A systematic review of 77 studies suggests that while both interval training and continuous moderate-intensity exercise are effective for fat loss, interval training may produce results in a more time-efficient manner. Researchers from Brazil and England conducted the review to identify what type of exercise—continuous moderate-intensity (MOD), high-intensity interval training (HIIT) or sprint interval training (SIT)—is best for weight loss.
The investigators defined MOD as continuous effort at 55%–70% of maximal heart rate. HIIT was defined as intermittent periods of training at 80% of HRmax, and sprint-interval training as intermittent training at an even greater, or “all-out,” effort. Participants were male and female, with mean ages ranging from 10 to 70 years, depending on the study. On the fitness scale, subjects included sedentary individuals all the way up to high-level athletes.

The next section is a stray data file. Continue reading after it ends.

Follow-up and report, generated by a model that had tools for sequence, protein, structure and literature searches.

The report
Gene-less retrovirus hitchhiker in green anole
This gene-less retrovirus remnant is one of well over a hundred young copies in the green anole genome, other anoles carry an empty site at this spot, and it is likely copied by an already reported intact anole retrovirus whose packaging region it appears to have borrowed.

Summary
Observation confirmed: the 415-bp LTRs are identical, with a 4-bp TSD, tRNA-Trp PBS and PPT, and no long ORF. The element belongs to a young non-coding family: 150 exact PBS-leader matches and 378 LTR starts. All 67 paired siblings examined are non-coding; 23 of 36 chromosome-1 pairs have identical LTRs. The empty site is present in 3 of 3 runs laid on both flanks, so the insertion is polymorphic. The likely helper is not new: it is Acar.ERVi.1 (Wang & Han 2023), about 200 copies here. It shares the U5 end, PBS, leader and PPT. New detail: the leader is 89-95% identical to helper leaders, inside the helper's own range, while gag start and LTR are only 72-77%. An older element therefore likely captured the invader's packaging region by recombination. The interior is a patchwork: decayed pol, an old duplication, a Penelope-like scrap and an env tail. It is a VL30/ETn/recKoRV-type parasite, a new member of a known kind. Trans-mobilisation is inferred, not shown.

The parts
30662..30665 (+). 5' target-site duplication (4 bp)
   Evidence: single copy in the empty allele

Data analysis showed that all training methods resulted in similar reductions in body fat (3.5%–4.6%), but typical MOD sessions lasted 38 minutes, while HIIT sessions were 28 minutes and SIT were 18 minutes. Authors of the review noted, however, that higher-intensity training may increase injury risk and cardiovascular stress and can present adherence challenges, since it’s less comfortable. Another difficulty in drawing conclusions from the review, according to its authors, is that training protocols varied widely regarding work-to-rest ratios and interval lengths, so no recommendations can be made regarding ideal interval training or MOD protocols.
The researchers recommend that future investigators improve methodological quality, sample size and assessment method to provide more compelling evidence pertaining to specific protocols. Look for the study in the British Journal of Sports Medicine (2019; doi:10.1136/bjsports-2018-099928).